It’s extremely difficult for parents to gather the sound and unbiased information they need to make informed decisions about treatment. We all want what is best for our children, but with so much conflicting advice from GPs, paediatricians, treatment providers and other mums and dads, how do we know what is best? And with this being a relatively new area of research, can we truly understand the potential flat head syndrome side effects, if we leave it untreated?
According to the NHS, flat head syndrome in babies will nearly always improve by itself with a little help from repositioning and tummy time. However, if the flattening is severe or if the baby is older than 5 months, in our experience this advice doesn’t necessarily hold true.
Specialists say that if adequate correction is going to occur at all, this will happen in the early months while the skull structures are still soft and the joints between the bones are open and flexible. Waiting and seeing or trying repositioning isn’t an option after this time for a moderate or severe flattening. Once a baby reaches 12 to 14 months, the skull starts to harden and any residual deformity can only be treated through surgery, which is potentially very dangerous and will only be recommended in rare cases.
Here we look at the research that has been carried out to date to address the question of what happens if you don’t treat flat head syndrome, helping you to make a decision based purely on the facts.
Does flat head syndrome correct itself?
Flat head syndrome can and does improve by itself; provided the deformity is only mild, it’s noticed early enough and rigorous repositioning is undertaken to prevent the baby from spending too long lying with their head in the same position. However, there are many cases in which flat head syndrome will not improve adequately on its own.
The below images show flat head syndrome pictures of an infant at 5-6 months and at 3 years old, treated through repositioning. While the head shape has improved to a certain extent, it is still far from being normal. This is likely due to the severity of the deformity.
Flat head in adults
The question is, if plagiocephaly doesn’t always correct itself naturally, why is having a flat head in adults not more common? Well, flat head syndrome was relatively uncommon until the Back to Sleep campaign of the early 1990s. Since then, its incidence has spiralled to almost 50 percent amongst infants aged 7 to 12 weeks.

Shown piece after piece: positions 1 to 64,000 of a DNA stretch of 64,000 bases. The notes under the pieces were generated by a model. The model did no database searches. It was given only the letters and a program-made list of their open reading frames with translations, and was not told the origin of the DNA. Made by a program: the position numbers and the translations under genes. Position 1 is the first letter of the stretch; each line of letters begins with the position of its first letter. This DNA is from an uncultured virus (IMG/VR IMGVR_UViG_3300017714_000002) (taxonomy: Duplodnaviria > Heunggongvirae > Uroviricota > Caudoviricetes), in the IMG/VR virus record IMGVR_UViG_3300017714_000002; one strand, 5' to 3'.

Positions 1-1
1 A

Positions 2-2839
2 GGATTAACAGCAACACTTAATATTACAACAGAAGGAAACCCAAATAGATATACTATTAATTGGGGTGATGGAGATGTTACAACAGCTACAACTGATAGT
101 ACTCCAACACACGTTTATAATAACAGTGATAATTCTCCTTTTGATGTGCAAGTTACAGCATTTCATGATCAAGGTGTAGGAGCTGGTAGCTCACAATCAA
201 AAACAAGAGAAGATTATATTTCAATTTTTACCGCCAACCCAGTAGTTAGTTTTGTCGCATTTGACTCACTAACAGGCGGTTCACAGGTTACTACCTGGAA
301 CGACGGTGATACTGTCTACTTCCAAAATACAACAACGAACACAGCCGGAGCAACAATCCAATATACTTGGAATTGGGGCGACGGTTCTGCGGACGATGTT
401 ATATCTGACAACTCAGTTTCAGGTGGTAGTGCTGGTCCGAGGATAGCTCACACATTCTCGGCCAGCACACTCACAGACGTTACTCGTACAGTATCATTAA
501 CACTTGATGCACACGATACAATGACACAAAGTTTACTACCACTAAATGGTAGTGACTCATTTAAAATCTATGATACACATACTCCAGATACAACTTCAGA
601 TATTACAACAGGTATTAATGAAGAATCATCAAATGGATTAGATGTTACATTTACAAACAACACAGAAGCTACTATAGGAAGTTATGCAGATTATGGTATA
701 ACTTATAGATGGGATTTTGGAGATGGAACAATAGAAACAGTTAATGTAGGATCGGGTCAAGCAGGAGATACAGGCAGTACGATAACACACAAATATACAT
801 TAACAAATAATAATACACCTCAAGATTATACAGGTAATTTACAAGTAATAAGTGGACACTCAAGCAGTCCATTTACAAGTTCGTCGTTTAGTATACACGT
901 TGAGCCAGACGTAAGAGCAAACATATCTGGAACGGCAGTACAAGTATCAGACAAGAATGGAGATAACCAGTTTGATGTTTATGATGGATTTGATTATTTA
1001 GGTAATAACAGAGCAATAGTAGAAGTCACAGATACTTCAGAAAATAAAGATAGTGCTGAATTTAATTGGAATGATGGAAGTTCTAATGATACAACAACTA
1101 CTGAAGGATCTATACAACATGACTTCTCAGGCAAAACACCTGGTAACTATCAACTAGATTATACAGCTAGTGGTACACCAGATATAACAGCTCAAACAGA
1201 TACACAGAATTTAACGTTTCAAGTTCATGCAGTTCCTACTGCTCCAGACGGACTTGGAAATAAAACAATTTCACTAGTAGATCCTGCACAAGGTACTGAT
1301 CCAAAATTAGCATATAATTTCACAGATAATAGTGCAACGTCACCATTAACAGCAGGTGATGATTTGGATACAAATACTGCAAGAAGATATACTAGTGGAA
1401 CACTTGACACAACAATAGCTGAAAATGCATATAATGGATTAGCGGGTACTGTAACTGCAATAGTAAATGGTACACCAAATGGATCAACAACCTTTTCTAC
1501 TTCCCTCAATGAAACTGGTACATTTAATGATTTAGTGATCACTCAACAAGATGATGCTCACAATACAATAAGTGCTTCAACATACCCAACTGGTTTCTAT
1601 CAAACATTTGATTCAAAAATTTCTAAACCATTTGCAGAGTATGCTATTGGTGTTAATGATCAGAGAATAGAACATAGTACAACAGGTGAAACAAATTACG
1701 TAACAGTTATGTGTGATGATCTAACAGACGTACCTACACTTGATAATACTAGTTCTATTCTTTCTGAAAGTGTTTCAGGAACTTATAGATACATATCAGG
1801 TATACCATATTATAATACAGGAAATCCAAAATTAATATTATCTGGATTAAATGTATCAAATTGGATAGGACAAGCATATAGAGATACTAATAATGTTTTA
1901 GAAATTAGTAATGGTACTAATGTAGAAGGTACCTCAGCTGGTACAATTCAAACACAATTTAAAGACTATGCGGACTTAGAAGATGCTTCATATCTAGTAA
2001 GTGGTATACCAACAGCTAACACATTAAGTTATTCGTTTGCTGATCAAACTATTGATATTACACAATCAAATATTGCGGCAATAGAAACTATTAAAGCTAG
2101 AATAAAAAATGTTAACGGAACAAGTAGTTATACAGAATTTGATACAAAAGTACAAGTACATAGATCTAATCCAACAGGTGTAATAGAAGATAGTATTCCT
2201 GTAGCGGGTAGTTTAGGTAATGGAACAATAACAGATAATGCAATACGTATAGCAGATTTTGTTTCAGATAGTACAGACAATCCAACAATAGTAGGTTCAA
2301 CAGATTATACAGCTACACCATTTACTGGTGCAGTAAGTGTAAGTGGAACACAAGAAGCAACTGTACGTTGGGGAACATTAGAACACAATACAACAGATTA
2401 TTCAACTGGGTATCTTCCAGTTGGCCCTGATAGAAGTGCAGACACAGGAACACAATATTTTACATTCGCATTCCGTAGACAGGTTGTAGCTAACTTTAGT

Consequently, the effects of this flat head syndrome ‘epidemic’ on the adult population are only now starting to come to light. In our clinics alone, we have noticed a huge upsurge in enquiries from the parents of children aged 2, 3, 4 and 5 year olds, and even from teenagers and young adults, asking if we can help to improve untreated plagiocephaly. So, can you fix plagiocephaly in adults? Sadly, all that we can do for these patients is reassure them and suggest that they seek the advice of a psychologist.
Many physicians now agree that babies with moderate or severe flat head syndrome can only be successfully treated using a helmet. But despite widespread recognition from experts in the field, the latest research has garnered little attention from the national press. Official NHS advice is out of date, and the condition still lacks a definitive standard of care that is applicable on a national scale.
Does untreated flat head syndrome cause problems later in life?
There are a number of differing opinions on the medical effects of leaving a misshapen head untreated. Most will argue that in non-severe cases flat head syndrome side effects do not include causing brain damage and will not hinder brain development. However, recent research has suggested otherwise as discussed below. There are also a number of other repercussions to not treating flat head syndrome:
Untreated flat head syndrome can restrict the number of activities in which a person can safely participate.